By Carol Ferguson and Margaret Fraser

One of the earliest quick breads, bannock (a simple type of scone) was as simple as flour, salt, a bit of fat (often bacon grease) and water. [First Nations people] wrapped a similar dough around sticks driven into the ground beside their campfire, baking it along with freshly caught fish. In gold rush days, dough was mixed right in the prospector's flour bag and cooked in a frypan over an open fire. Variations in flours and additions of dried or fresh fruit make this bread the simple choice of Canadian campers even today. Oven-baking has become an acceptable alternative to the cast-iron frypan. For plain bannock, omit the rolled oats and increase the all-purpose flour to 1 cup. Makes 6 servings. 1 cup whole wheat flour
1/2 cup all-purpose flour
1/2 cup rolled oats
2 tbsp granulated sugar
2 tsp baking powder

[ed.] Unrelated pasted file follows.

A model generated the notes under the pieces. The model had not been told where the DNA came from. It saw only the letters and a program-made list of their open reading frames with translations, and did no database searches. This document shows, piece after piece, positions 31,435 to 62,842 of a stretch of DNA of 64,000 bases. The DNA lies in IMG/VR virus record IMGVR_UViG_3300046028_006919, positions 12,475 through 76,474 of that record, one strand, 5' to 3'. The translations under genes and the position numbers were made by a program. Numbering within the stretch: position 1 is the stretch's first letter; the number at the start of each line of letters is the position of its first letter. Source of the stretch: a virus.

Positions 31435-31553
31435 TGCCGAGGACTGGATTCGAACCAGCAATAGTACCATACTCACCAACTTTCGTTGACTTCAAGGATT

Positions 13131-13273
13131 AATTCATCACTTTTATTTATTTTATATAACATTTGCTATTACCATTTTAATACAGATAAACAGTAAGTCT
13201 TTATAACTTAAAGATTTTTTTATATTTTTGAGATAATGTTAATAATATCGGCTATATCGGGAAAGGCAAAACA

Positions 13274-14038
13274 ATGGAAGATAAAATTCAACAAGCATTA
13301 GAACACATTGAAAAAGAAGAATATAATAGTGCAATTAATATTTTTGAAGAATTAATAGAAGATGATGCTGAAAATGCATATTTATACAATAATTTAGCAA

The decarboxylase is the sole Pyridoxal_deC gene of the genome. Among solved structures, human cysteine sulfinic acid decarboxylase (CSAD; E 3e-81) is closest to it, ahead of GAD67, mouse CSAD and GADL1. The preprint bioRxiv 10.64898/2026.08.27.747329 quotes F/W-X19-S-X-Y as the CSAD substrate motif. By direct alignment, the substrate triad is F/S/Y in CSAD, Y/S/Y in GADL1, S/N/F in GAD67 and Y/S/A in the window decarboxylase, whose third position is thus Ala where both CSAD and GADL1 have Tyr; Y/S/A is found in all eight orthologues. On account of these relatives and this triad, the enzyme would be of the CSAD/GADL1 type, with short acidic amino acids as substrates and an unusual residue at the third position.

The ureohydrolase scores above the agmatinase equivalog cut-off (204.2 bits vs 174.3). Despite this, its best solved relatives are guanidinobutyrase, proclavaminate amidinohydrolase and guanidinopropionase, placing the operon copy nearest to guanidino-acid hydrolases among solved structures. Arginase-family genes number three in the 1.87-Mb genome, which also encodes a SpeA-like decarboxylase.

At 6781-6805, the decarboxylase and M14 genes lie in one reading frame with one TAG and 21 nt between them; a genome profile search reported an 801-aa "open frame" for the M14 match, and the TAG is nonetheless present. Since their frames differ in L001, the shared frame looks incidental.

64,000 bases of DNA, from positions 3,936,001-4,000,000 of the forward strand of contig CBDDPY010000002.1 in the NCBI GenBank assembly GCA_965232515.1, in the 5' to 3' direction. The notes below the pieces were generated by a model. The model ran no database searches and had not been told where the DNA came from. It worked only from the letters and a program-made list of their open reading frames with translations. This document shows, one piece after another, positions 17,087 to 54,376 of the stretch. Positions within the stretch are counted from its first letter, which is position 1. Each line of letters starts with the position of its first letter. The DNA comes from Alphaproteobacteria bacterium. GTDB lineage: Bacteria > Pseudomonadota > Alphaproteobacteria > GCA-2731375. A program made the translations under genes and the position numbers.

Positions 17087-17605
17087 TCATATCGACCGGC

1/2 tsp salt
2 tbsp melted butter
1/3 cup raisins (optional)
3/4 cup (approximately) water In a large bowl, whisk together the flours, oats, sugar, baking powder and salt. Stir in the melted butter, raisins (if using) and water, adding more water if needed to make a sticky dough. With floured hands, pat the dough into a greased pie plate. Bake in a 400º F oven for 20 to 25 minutes or until browned and tester comes out clean. Cut into wedges. Recipe and partial text of introduction and sidebar from A Century of Canadian Home Cooking: 1900 through the '90s, by Carol Ferguson and Margaret Fraser. Prentice-Hall Canada Inc., 1992. Reprinted with the permission of co-author Carol Ferguson.